Although India is still younger than USA and Japan from a demographic standpoint, the process of ageing has begun in the country. It is anticipated that the elders in India would increase both in absolute numbers and relative strength, indicating a gradual swing to a senior population. As per Census of India projections, the percentage of elders as a percentage of total population in the country would jump from 7.4 per cent in 2001 to 12.4 per cent in 2026 and touch 19.7 per cent in 2050.
In 2011, India had about 76 million seniors above the age of 60 years, and it is expected that this figure will grow to 173 million by 2025, further increasing to about 240 million by 2050. This marked increase in elderly population would involve a change in an important sociological aspect, the ‘old age dependency ratio’. Interestingly, by 2050, it is estimated that the number of dependent adults in India will be at par with the number of dependent children. The population pyramid shows that the movement of the bulge in the population northwards to higher age cohorts with time.
Besides growth in sheer numbers, seniors are also evolving as a customer segment and have needs and wants, which are different from seniors in earlier times. A significant section of seniors today are independent, financially stable, well-travelled, socially connected, and as a result have well developed thoughts of how they want to spend time after retirement. There is, today, a larger percentage of educated seniors than ever before in India.
Seniors now consider life after retirement as an opportunity to spend more time with families, pursue hobbies, develop new interests or even continue working or starting a new career. While it is true that the seniors are more independent and better equipped to take decisions post their retirement, it is equally correct to say that their needs are not rightly understood and therefore not met appropriately by both public and private sector at large. The senior community presents a tremendous opportunity to service providers.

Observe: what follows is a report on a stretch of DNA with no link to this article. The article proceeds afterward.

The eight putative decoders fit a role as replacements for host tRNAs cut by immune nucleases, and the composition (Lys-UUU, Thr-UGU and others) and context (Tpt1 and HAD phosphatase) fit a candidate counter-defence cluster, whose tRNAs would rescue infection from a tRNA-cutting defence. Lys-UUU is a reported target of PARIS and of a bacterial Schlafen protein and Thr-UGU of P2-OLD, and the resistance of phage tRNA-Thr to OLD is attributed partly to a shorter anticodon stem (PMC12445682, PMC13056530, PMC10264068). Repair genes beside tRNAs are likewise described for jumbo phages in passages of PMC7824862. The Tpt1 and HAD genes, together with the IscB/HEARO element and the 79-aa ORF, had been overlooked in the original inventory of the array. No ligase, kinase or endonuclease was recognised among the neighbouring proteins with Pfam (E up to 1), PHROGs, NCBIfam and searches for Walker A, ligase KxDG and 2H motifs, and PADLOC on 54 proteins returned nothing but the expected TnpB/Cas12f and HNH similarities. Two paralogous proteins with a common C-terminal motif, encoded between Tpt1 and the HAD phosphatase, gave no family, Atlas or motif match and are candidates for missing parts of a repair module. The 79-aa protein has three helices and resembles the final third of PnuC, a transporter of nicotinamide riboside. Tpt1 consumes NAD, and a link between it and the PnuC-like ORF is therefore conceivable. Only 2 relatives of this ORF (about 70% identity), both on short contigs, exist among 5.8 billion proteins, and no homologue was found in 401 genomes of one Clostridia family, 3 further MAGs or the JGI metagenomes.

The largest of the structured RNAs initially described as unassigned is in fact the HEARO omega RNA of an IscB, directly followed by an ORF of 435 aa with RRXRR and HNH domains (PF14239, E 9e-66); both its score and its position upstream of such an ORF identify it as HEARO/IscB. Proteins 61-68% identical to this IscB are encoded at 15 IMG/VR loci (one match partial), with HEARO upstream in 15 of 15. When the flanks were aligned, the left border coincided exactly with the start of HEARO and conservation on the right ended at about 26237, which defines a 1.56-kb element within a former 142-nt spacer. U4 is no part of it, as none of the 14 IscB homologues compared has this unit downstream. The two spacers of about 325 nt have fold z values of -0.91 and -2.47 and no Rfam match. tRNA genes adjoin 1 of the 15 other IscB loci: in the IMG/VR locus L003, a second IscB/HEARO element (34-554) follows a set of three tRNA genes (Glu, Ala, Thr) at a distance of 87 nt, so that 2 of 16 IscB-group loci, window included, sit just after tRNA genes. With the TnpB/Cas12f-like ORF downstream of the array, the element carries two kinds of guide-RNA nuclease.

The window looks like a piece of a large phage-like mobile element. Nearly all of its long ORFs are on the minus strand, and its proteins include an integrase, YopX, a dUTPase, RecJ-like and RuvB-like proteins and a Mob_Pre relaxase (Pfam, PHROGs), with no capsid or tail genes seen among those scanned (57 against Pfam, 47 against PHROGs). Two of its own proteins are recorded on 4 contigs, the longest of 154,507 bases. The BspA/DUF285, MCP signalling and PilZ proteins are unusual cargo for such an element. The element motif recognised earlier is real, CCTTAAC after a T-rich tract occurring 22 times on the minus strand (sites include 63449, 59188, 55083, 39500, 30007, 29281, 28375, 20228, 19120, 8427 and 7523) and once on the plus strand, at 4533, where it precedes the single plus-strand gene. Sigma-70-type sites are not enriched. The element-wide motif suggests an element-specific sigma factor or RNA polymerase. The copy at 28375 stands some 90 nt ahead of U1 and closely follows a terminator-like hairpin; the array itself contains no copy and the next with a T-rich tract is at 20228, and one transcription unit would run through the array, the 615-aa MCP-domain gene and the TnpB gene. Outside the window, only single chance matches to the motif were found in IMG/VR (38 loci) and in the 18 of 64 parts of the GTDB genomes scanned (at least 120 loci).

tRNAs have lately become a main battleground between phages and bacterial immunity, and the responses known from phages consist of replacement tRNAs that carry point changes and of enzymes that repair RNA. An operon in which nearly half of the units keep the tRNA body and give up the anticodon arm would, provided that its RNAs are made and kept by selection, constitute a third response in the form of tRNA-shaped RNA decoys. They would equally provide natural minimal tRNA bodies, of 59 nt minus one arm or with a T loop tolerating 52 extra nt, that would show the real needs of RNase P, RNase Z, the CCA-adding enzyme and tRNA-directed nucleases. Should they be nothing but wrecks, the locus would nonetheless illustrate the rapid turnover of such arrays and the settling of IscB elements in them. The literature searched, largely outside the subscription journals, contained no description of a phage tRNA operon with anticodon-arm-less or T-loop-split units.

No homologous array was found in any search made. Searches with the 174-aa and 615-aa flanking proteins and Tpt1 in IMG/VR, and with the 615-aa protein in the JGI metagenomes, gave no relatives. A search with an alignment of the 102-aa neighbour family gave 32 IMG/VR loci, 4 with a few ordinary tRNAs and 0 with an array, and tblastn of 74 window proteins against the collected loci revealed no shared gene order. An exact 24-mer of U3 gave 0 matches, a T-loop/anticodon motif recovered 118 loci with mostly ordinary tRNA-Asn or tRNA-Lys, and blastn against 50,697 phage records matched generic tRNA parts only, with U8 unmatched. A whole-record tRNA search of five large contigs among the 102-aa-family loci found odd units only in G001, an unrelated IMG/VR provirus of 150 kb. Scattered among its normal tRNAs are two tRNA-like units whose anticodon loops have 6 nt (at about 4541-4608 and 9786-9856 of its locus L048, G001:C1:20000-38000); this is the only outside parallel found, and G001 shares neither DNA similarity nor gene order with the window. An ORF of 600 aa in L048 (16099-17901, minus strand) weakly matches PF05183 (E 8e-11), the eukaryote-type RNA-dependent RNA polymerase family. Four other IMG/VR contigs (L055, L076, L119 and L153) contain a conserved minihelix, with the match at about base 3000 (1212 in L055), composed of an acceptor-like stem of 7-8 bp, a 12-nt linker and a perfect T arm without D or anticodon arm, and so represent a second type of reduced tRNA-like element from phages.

Senior Housing Segment in a Global Context
As per the findings by National Family Health Survey in 2005-06 (NFHS-3), every three out of five households (about 63 per cent) in India are nuclear. Increasing life expectancy, decreasing fertility rate, lower mortality rates and an overall enhancement of the standard of living across the world has contributed to people living longer than ever before. In 2008 as per the National Institute of Aging (USA), it was estimated that the senior population (above 60 years of age) in the world was 506 million. The population of seniors across the world is projected to become 1.3 billion by 2040.
This increase in population in the segment will bring with it unique socio–demographic situations which have not been experienced by society at large. For the first time in human history in 2021, the total number of seniors will be greater than the number of kids below 5 years of age. While developed nations will still have a large number of seniors, the rate of growth in senior population in developing nations will be double that of developed nations. The 80-plus age segment is actually the fastest growing segment amongst population cohorts in several nations.
China and India are projected to have almost 50 per cent of the 1.3 billion worldwide seniors by 2040. Seniors need specialised housing catering to their needs. What started in early 19th century in the USA to cater to housing for seniors mainly through the interventions of religious groups and charitable bodies is now recognised in the USA as a prominent asset class. Senior housing is a $60 billion industry worldwide. In USA alone there are over 5,20,000 senior housing units with over 16,000 units under construction.
While the sector commands large numbers, it is also important to get a sense that only about 12 per cent of seniors in the USA live in formal senior living projects. Compare to this Australia has 4 per cent as seniors living in such projects. In contrast to senior living in the west, the concept of housing for seniors as a specific asset class in India continues to have social stigma associated with it which has restricted the growth of the sector at large. There is, however, now a growing realisation amongst urban households, who in the last 20-25 years have witnessed a marked increase in nuclear families that families are no longer equipped to take care of their aged family members.
In this changing social environment, concepts such contemporary retirement resorts are becoming acceptable and popular. While this has prompted developers to come up with projects targeting the independent seniors, the country is yet to see an integrated continuing care retirement communities catering to end-to-end needs of senior citizens.
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